Tom Sietsema heads out to a suburban strip mall in Silver Spring for this week's review in which he awards Jewel of India 2.5 stars. Like Todd Kliman and Tim Carman before him, Sietsema notes that the restaurant is reminiscent of Rasika Penn Quarter with its beaded curtains and other design notes. And though he might not bestow upon Jewel of India all of Rasika's four stars, the Washington Post critic does indeed seem impressed, particularly on the heels of his own recent trip to India:
...more of my time at this restaurant, where water is poured from handsome copper pitchers and the design incorporates the colors of an Indian spice cabinet, is spent thinking about how much attention it devotes to the fine points. Also, enjoying how closely the food resembles my better meals on the subcontinent.
There's a long list of dishes he loves and a short list of dishes that didn't work out. Sietsema also notes the value of the lunch buffet, a vegetarian-friendly menu and makes the requisite remark that a restaurant named Jewel of India "is truly a gem." [WaPo]
Washingtonian critic Todd Kliman updates his list of where he's eating now with quite a few new spots this week. Making the cut this time around are Moa, Society Fair, Sidebar, Meaza, Cork and the recently opened Green Pig Bistro, which he writes is, "One of the best and most intriguing of the current crop of Hipster Farmhouse restaurants (dishtowel napkins, bluegrass in the air, repurposed wood and yard-sale tchochkes throughout)." [Washingtonian]
The City Paper's Chris Shott wasn't expecting much from the food at Chez Billy, but after a pleasantly surprising first visit, he wondered: "Had the Hiltons finally made the food match the atmosphere? Alas, return visits proved much less pleasing. A shared bowl of onion soup ($10) tasted too sweet and a plate of skate ($22) smacked of too much salt. My friend and I barely touched the pile of bland pan-fried gnocchi ($18) atop its disquieting green pea puree." [WCP]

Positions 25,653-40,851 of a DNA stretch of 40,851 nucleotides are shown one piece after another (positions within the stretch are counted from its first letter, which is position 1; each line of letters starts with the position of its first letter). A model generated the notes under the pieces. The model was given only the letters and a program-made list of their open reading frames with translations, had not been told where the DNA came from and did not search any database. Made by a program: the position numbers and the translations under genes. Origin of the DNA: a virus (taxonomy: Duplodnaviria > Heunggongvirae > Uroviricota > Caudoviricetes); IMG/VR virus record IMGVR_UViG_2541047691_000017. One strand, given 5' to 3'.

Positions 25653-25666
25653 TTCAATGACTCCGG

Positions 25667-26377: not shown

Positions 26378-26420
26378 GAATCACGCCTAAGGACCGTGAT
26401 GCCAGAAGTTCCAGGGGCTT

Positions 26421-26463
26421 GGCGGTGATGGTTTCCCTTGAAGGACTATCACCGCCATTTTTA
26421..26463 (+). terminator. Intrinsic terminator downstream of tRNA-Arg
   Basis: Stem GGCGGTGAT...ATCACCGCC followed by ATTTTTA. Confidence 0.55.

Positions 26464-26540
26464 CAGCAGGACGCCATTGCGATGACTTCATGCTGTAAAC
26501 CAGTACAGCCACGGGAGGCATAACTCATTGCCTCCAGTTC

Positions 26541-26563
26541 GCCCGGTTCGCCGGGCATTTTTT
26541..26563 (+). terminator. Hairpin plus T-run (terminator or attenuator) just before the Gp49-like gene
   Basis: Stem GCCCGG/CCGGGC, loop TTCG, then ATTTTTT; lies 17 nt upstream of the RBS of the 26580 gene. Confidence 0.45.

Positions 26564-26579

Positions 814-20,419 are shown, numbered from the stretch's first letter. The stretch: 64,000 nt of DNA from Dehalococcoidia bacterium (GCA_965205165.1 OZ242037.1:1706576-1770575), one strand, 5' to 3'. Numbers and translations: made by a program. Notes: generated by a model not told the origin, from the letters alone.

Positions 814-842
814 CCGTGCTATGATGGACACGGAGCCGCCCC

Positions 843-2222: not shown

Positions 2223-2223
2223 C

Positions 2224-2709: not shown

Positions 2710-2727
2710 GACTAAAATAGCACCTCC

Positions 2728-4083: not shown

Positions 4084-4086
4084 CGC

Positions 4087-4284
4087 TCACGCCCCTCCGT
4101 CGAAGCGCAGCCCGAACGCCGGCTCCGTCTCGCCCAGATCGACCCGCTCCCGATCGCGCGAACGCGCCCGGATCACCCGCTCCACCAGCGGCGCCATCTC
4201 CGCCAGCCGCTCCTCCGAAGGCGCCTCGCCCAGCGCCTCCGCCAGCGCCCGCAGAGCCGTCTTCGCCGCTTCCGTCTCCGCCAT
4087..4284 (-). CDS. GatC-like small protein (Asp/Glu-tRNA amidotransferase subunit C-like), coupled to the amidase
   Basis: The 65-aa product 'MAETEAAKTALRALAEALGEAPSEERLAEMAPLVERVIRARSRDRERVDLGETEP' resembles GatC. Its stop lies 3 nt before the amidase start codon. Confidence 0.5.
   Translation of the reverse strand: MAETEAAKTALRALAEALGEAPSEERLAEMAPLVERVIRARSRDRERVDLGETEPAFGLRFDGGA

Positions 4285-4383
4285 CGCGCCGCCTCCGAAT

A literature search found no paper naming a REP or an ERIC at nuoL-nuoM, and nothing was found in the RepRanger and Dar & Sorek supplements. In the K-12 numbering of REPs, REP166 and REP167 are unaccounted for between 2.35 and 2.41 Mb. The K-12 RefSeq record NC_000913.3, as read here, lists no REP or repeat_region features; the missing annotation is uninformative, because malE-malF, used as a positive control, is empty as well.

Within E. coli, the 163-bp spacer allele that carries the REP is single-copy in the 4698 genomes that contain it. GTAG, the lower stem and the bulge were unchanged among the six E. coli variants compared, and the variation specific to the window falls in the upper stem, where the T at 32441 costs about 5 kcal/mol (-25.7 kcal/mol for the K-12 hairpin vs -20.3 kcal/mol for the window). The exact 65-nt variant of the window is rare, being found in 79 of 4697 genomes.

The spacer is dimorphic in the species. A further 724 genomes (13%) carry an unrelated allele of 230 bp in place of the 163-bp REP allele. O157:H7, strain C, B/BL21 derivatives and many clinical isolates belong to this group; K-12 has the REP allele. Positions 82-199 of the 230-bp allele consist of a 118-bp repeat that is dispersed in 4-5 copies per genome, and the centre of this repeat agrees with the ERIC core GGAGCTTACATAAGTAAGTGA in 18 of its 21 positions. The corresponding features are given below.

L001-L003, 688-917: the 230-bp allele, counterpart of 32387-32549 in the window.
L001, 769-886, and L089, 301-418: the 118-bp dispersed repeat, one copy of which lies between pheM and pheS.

Northern Virginia Magazine's Stefanie Gans visits Stone's Cove Kitbar in Herndon, where the chefs are your bartenders and the bar is the kitchen. It also channels Guy Fieri, according to Gans: "Just as Fieri invents words, a Food Network signature for sure, Stone’s Cove spent years trademarking the blending of nouns. While the restaurant is interesting enough to lure customers away from The Cheesecake Factory, it stays familiar enough to appeal to safe eaters." [NVM]
Fritz Hahn of the Going Out Gurus files a review of Town Hall in its new location — and is especially enamored of its outdoor spaces: "The patio has already become a popular spot for weekend brunch. There are above-average waffles, huevos rancheros and spicy Bloody Marys that come with a choice of vodka or tequila. And as temperatures become more consistent, the owners are talking about crab feasts and other themed parties." [WaPo]
The Washingtonian also stopped into three area restaurants to take their pulse and it seems that all three could use some work. Dogfish Head Alehouse had "hit or miss" food, while Cesco Osteria "seems to be struggling in its airy new digs." As for Cafe Saint-Ex, "Some combinations on Billy Klein's menu--sweetbreads in Buffalo sauce, sweet-potato soup with bacony pecans--taste like they were meant for each other. But fried orbs of minced shrimp with apricot jam and risotto croquettes with ranch make you wonder what Klein was thinking." [Washingtonian]
Rina Rapuano's Good to Go review this week focuses on H Street's The Big Board and its gourmet burgers: "To-go burgers are thoughtfully packaged, the patty and its condiments placed in the container beside the bun to keep it from getting soggy. ... More interesting burgers draw from international cuisines, such as the outstanding Straight Outta' Dublin burger ($9), which gets a Guinness-based marinade, Irish Cheddar, braised cabbage and a sweet, creamy Jameson whiskey pan gravy." [WaPo]
THE BLOGS: Mango & Tomato treated herself to lunch at Johnny's Half Shell; Girl Meets Food reviews Roti and Et Voila; DC-Wrapped Dates concludes that Sei is probably not worth it, even at happy hour; Bitches Who Brunch have a "barely edible" meal at Cafe Deluxe; DMV Dining finds that Rockville's Cava Mezze has still got it; a New Columbia Heights reader takes a first look at Maple.
Jewel of India [Photo: Sumita P./Yelp]